To validate pediatric predictive systems in a more standardized way, the same authors conducted a retrospective case-controlled study, published earlier this year. They compared the performance of 18 different PEW systems applied to the same dataset, determining their ability to predict “deterioration events” that included death, cardiac/respiratory arrest, and unplanned transfer to intensive care3. For each tool, they calculated the area under the receiver operator characteristic (AUROC) curve, a combined metric of sensitivity and specificity that seeks to maximize each. Three PEWS scores ultimately outperformed the others, with significantly higher AUROC values: The Cardiff and Vale Pews, the Bedside PEWS, and the Modified PEWS III Intriguingly, these systems did not include the greatest number of physiologic parameters or achieve the highest sensitivities, but they did tend to be the most specific. The authors speculate that by maximizing true positives and minimizing false positives, a highly specific score may serve to enhance provider confidence and limit alarm fatigue3.

Of these three systems, the Bedside PEWS is the only score to be validated by a multicenter study4. The Bedside PEWS integrates seven variables: heart rate, systolic blood pressure, capillary refill time, respiratory rate, respiratory effort, transcutaneous oxygen saturation, and need for supplemental oxygen. The multicenter trial demonstrated that patients who experienced an unscheduled ICU admission or code blue had significantly higher maximum PEWS scores than controls, and PEWS scores even increased in a predictive fashion over the preceding 24 hours4.

The Bedside PEWS is now being investigated in an ongoing multicenter randomized controlled trial5, hopefully further reinforcing the supportive evidence for this score. The concept that, with the correct combination of physiologic parameters, a smart algorithm could longitudinally predict patient acuity more effectively than a busy clinician, sounds far-fetched. Yet early versions of such algorithms are already widely implemented and continually advancing (for example, some automatically interface with the electronic medical record to dynamically calculate deviations from patients’ prior baselines).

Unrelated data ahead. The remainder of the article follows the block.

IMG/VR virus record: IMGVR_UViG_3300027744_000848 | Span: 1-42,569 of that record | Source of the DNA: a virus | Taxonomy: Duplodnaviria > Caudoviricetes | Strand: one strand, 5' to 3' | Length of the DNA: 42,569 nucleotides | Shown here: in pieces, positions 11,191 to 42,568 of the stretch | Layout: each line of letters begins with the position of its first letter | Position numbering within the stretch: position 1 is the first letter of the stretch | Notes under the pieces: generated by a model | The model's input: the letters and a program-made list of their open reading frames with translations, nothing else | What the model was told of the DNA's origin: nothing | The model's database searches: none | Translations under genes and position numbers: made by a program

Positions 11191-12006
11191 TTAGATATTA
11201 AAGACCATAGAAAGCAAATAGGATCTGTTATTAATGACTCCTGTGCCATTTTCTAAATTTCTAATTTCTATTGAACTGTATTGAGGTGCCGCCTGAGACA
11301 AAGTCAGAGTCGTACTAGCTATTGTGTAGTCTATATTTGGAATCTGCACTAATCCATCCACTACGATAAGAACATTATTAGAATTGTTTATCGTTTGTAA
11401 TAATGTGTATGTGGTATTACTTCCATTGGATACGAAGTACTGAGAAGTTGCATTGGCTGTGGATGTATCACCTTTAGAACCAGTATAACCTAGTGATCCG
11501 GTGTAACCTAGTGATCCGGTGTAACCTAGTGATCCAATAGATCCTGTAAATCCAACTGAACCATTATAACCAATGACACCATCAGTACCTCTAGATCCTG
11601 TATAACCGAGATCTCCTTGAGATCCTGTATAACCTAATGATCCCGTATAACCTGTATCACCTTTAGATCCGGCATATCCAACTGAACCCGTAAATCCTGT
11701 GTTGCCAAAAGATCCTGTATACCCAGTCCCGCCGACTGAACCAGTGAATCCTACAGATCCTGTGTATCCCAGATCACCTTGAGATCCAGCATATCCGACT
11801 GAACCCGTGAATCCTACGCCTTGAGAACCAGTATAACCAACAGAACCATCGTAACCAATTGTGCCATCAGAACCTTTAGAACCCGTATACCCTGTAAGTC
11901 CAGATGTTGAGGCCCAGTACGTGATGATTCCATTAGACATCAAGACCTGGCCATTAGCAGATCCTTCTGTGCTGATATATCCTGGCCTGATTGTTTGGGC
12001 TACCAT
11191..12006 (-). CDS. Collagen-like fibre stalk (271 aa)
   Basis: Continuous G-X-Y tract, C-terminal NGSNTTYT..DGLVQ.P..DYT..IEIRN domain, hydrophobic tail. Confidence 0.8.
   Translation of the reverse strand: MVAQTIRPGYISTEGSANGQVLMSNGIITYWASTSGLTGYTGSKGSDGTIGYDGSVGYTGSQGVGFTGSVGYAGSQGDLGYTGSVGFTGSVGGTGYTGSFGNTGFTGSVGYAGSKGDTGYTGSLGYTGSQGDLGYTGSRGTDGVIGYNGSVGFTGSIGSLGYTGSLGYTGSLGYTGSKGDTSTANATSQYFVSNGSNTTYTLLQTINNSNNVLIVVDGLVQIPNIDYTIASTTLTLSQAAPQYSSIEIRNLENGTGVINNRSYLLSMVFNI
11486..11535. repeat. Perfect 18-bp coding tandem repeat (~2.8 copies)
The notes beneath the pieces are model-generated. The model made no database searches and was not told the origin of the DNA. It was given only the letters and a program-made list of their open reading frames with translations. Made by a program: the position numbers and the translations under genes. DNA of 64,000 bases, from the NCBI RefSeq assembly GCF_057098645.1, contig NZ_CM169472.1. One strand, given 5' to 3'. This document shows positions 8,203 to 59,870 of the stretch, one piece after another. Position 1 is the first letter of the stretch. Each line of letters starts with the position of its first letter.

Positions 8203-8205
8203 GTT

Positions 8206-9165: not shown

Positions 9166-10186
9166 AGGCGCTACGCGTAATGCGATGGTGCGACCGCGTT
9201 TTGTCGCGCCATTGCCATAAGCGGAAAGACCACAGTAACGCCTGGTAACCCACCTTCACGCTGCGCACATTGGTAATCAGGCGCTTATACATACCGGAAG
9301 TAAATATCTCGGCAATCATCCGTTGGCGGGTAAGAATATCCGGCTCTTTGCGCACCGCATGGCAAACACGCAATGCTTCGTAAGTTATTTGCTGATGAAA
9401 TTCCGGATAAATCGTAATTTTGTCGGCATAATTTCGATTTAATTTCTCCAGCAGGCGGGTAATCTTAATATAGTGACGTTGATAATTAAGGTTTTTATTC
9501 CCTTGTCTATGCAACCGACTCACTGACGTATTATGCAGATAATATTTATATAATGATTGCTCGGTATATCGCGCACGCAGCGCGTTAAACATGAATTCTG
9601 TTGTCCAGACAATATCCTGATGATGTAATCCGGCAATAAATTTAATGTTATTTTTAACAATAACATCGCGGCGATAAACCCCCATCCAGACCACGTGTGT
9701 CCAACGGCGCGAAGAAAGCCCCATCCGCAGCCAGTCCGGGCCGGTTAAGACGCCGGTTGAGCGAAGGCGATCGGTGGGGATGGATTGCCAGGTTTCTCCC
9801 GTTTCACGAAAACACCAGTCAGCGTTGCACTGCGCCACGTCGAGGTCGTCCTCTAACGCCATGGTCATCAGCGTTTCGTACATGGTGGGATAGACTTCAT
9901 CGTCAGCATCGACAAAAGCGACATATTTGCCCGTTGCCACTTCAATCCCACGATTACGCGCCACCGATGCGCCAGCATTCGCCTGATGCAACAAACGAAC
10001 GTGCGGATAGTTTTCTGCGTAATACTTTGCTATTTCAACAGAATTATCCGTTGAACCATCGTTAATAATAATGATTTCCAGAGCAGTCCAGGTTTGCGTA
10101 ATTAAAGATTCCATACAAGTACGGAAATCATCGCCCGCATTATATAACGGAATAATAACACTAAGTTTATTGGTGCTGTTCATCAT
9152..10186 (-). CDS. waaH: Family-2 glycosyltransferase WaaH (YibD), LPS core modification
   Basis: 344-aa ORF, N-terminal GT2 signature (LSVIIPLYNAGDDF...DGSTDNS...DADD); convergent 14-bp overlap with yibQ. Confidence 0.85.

While promising, few scores have undergone multicenter validation, and no physiologic parameters or outcomes have been standardized to help compare different scores’ performance. Thus, in their current form, PEWS scores by no means replace clinical judgment. Instead, they are best considered early-prototype decision support tools, alerting providers to changes in patient status that may reflect critical changes in their acuity.


  1.   Monaghan A. Detecting and managing deterioration in children. Paediatr Nurs. 2005 Feb;17(1):32-5.
  2.   Chapman SM, Wray J, Oulton K, Peters MJ. Systematic review of paediatric track and trigger systems for hospitalised children. Resuscitation. 2016 Dec;109:87-109.
  3.   Chapman SM, Wray J, Oulton K, Pagel C, Ray S, Peters MJ. ‘The Score Matters’: wide variations in predictive performance of 18 paediatric track and trigger systems. Arch Dis Child. 2017 Jun;102(6):487-495.
  4.   Parshuram CS, et al. Multicentre validation of the bedside paediatric early warning system score: a severity of illness score to detect evolving critical illness in hospitalised children. Crit Care. 2011 Aug 3;15(4):R184.
  5.   Parshuram CS, et al. Canadian Critical Care Trials Group. Evaluating processes of care and outcomes of children in hospital (EPOCH): study protocol for a randomized controlled trial. Trials. 2015 Jun 2;16:245.